• Professional Whitening Treatments: Bleaching procedures performed by dentists are more effective for these types of stains. However, they can cause temporary tooth sensitivity.

Internal Stains (Intrinsic Discolouration): Caused by medication, trauma, decay, or certain medical treatments.

  • Internal Bleaching: A dentist might recommend internal bleaching for teeth discoloured due to internal factors. This is where the bleach is placed inside the tooth, particularly effective if the discolouration is due to root canal issues.
  • Veneers or Crowns: If the discolouration is severe, dental veneers or dental crowns can be an option. These cover the tooth, providing a new, stain-free surface. However, they require altering the natural tooth structure, which is irreversible.

Age-Related Discolouration:

Limitations and Risks:

  • Tooth Sensitivity: A common side effect of bleaching treatments is increased tooth sensitivity, usually temporary.
  • Damage to Tooth Enamel: Overuse of whitening products can damage tooth enamel, especially those bought over the counter without professional guidance.
  • Gum Irritation: Some people experience gum irritation from bleaching products.

It’s important to consult a dentist to determine the most suitable treatment for your situation. They can provide advice tailored to your needs and the type of discolouration you’re experiencing, ensuring you understand each treatment option’s potential risks and benefits. Remember, what works for one person might not be suitable for another, so personalised advice is key.

What deficiency causes teeth discoloration?

Nutritional Deficiencies and Tooth Discolouration:

  1. Calcium Deficiency: This is a biggie. Teeth, like bones, need calcium. Not enough calcium can lead to weaker enamel, making teeth more prone to discolouration.
  2. Vitamin D Deficiency: Vitamin D helps in calcium absorption. Low levels can indirectly affect tooth health and lead to discolouration.
  3. Iron Deficiency: Too little iron can lead to pale gums, making your teeth look more yellow in contrast. But too much iron can actually cause teeth to go a bit grey.

Now, let’s talk about non-dietary factors:

  1. Oral Hygiene: If you’re not brushing and flossing regularly, plaque and tartar can build up, leading to a yellowish tint.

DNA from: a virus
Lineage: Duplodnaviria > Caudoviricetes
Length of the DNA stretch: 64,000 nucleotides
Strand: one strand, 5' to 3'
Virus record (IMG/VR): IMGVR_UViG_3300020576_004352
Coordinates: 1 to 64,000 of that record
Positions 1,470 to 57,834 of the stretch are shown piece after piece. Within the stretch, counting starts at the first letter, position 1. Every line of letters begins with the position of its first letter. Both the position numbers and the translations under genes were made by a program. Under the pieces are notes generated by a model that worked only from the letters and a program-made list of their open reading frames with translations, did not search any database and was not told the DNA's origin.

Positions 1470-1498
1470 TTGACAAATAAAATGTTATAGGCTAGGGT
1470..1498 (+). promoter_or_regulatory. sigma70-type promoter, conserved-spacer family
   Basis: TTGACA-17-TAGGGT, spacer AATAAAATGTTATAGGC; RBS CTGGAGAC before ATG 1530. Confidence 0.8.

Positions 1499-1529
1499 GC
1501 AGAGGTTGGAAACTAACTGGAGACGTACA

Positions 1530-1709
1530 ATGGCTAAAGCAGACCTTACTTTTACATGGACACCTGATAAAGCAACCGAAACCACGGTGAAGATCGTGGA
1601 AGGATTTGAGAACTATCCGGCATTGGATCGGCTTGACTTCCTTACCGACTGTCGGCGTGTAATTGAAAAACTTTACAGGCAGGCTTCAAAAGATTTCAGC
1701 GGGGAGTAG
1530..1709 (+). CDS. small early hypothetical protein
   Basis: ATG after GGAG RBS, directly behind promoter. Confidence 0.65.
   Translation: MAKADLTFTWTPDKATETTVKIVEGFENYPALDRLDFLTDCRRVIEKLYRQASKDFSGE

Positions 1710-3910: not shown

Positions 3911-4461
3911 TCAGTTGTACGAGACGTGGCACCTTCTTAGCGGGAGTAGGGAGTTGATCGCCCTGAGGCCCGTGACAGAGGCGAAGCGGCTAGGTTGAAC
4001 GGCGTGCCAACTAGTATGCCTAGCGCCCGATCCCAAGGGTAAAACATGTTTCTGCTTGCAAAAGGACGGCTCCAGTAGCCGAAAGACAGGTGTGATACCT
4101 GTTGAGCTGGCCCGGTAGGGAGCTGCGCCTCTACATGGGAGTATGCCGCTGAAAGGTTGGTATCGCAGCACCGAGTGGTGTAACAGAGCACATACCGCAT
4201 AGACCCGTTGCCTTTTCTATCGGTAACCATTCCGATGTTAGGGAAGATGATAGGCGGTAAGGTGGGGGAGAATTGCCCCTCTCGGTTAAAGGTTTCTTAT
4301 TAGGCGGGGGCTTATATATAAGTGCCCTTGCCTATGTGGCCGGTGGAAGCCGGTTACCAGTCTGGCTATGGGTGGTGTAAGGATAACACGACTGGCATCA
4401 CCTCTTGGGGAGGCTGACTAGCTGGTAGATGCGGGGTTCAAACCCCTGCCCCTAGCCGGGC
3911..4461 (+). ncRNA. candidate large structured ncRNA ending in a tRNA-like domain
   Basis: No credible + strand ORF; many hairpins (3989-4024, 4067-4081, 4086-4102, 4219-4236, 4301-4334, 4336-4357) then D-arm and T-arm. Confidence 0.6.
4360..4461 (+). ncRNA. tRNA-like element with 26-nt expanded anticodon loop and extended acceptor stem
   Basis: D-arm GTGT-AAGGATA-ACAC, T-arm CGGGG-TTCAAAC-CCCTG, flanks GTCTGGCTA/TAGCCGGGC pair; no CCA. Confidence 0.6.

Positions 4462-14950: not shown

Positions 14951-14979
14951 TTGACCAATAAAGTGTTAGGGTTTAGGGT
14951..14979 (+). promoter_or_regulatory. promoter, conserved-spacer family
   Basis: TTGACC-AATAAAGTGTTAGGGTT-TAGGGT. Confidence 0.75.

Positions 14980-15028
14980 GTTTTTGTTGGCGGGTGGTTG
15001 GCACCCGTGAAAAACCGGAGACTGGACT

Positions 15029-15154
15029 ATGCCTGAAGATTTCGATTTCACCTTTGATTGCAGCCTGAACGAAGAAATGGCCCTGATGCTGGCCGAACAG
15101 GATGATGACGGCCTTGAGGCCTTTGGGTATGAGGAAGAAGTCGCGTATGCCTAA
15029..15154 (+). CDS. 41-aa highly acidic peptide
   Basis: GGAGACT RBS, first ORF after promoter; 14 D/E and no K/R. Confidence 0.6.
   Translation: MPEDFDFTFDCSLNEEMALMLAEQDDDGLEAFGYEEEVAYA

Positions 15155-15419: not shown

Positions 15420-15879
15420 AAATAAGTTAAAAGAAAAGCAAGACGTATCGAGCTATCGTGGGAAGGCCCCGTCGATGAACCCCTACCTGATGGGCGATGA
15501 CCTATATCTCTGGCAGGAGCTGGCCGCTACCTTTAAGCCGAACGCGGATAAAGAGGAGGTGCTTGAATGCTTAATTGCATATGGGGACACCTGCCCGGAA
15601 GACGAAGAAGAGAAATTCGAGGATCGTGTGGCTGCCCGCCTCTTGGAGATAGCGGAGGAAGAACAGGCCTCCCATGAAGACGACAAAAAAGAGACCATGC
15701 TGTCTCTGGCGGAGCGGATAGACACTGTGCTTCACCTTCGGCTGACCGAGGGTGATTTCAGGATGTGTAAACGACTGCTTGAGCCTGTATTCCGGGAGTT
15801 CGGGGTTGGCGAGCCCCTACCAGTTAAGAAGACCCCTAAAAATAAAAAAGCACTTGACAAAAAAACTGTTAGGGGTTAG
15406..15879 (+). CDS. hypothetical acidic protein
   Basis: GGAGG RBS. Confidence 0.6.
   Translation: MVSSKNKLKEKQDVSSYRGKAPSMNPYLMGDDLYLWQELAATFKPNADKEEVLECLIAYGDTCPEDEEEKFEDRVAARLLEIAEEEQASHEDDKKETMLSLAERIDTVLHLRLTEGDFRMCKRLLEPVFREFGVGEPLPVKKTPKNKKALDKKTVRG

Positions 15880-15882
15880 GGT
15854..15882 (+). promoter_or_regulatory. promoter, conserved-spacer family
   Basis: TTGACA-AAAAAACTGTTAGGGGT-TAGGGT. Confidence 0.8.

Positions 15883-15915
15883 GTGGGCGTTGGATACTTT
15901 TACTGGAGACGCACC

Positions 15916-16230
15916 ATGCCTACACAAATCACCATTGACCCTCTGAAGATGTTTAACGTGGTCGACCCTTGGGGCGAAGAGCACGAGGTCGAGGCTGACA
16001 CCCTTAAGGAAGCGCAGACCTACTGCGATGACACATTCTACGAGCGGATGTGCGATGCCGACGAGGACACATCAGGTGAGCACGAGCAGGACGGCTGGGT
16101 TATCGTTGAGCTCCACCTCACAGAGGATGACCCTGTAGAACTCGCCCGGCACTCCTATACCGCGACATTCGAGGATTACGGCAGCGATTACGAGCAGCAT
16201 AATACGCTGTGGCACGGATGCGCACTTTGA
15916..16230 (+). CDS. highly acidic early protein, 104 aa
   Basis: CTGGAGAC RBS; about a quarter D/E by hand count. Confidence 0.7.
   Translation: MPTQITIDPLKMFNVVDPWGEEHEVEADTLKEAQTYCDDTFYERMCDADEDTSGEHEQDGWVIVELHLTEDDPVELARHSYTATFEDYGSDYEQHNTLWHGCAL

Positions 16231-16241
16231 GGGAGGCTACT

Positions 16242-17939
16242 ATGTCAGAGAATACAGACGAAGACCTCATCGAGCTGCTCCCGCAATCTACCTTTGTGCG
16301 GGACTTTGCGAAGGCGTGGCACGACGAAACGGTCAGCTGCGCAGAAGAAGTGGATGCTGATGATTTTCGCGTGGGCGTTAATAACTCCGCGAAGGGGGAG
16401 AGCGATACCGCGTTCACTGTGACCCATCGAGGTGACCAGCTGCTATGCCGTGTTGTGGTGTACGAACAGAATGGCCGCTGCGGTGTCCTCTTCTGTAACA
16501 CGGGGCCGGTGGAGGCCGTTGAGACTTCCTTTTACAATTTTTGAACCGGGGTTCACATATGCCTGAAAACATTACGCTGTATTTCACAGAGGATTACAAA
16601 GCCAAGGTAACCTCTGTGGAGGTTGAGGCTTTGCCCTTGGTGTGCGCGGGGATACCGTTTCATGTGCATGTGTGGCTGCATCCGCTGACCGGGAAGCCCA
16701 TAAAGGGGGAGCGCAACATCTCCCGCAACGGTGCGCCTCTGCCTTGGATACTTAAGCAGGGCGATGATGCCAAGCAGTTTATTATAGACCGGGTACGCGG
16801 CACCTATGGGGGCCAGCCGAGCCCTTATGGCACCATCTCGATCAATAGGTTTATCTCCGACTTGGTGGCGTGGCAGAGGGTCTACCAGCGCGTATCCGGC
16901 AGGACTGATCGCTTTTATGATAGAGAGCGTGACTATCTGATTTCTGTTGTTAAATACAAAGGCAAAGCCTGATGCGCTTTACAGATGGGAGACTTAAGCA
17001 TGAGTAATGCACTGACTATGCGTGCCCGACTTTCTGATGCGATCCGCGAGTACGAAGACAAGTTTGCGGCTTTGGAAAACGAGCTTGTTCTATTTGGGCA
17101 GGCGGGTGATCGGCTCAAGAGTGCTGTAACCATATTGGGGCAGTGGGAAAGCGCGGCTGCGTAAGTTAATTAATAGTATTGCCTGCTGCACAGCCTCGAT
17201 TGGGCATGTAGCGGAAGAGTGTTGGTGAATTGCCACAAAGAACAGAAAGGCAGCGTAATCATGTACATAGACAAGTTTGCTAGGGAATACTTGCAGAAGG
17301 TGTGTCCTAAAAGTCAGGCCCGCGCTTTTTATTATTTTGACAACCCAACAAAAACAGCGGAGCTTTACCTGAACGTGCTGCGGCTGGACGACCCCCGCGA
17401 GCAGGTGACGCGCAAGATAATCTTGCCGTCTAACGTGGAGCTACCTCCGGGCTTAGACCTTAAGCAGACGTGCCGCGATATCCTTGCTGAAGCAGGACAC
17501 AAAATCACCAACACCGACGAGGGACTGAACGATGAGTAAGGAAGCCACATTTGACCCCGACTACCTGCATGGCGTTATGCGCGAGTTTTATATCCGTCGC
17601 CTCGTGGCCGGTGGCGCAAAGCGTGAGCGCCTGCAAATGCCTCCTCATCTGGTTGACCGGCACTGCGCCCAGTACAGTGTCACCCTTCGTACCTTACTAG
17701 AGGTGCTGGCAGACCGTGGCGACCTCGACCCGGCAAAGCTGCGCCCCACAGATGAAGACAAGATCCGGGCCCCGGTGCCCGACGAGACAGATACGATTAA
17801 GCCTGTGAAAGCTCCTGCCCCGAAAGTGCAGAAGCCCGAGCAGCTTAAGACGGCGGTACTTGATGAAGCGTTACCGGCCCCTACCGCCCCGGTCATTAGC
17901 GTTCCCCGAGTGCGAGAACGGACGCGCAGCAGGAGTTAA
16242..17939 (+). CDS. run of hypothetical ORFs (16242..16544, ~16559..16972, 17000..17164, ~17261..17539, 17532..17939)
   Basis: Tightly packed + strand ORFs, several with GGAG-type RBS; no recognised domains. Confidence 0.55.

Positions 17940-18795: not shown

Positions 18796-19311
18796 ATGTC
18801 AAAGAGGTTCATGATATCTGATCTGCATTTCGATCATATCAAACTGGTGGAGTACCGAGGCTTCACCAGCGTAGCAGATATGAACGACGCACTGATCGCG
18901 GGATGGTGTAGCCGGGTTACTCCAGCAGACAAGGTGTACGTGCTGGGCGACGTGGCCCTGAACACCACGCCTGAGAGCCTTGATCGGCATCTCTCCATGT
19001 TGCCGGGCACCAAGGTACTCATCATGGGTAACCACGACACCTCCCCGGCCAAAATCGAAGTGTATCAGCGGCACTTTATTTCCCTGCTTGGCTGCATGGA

2. Medications: Some meds, especially certain antibiotics, can discolour teeth.
  3. Genetics: Just like eye colour, the natural colour of your teeth can be inherited.
  4. Ageing: Over time, the outer layer of your teeth wears down, revealing the naturally yellower dentine.
  5. Environmental Factors: Excessive fluoride (from water or products) can cause white spots or streaks on teeth, a condition known as fluorosis.
  6. Lifestyle Choices: Smoking or chewing tobacco and drinks like coffee, tea, and red wine can lead to external staining.

In summary, diet and lifestyle play a role in the health and appearance of your teeth. A balanced diet with sufficient calcium, vitamin D, and iron is important for dental health. Combined with good oral hygiene and mindful lifestyle choices, you can help prevent tooth discolouration. Remember, if you’re seeing significant changes in your tooth colour, it’s a good idea to consult your dentist or oral health therapist in Brisbane.

Extrinsic Tooth Staining

Extrinsic stains are surface stains that affect the outer layer, or enamel, of an adult tooth. These stains cause teeth discolouration, resulting from lifestyle habits such as consuming certain foods and drinks or using tobacco.

Teeth discolouration from extrinsic stains can stain your teeth and alter their appearance.

Food and Beverages

Consuming dark-coloured foods and beverages can cause tooth discolouration. Common culprits include coffee, tea, red wine, cola, and dark fruits and vegetables like berries, blueberries, blackberries, and cherries. These substances contain pigments that can adhere to the tooth enamel and cause dark spots on the teeth.

Tobacco Use

Smoking or chewing tobacco is another significant contributor that can stain teeth over time and compromise the natural tooth colour. Nicotine, a substance found in tobacco, can cause yellowish stains on the tooth surface, while tar, a dark, sticky byproduct of tobacco, can create brownish or black discolouration.

Poor Dental Hygiene

Intrinsic discolouration refers to the staining or darkening of teeth within the tooth structure. Unlike extrinsic discolouration, which affects the outer surface of the teeth (the enamel), intrinsic discolouration occurs in the dentin layer beneath the enamel.

Intrinsic Stains

Intrinsic discolouration refers to the staining or darkening of teeth within the tooth structure. Unlike extrinsic discolouration, which affects the outer surface of the teeth (the enamel), intrinsic discolouration occurs in the dentin layer beneath the enamel.

  1. Fluoride Exposure: Too much fluoride exposure can lead to fluorosis, which results in teeth staining. This type of tooth staining is due to intrinsic factors, as excess fluoride can disturb enamel formation during enamel development.
  2. Tetracycline Antibiotics: Antibiotics tetracycline can cause tooth discolouration if taken during enamel development, especially in children with developing adult teeth. Antipsychotic drugs may also cause tooth discolouration.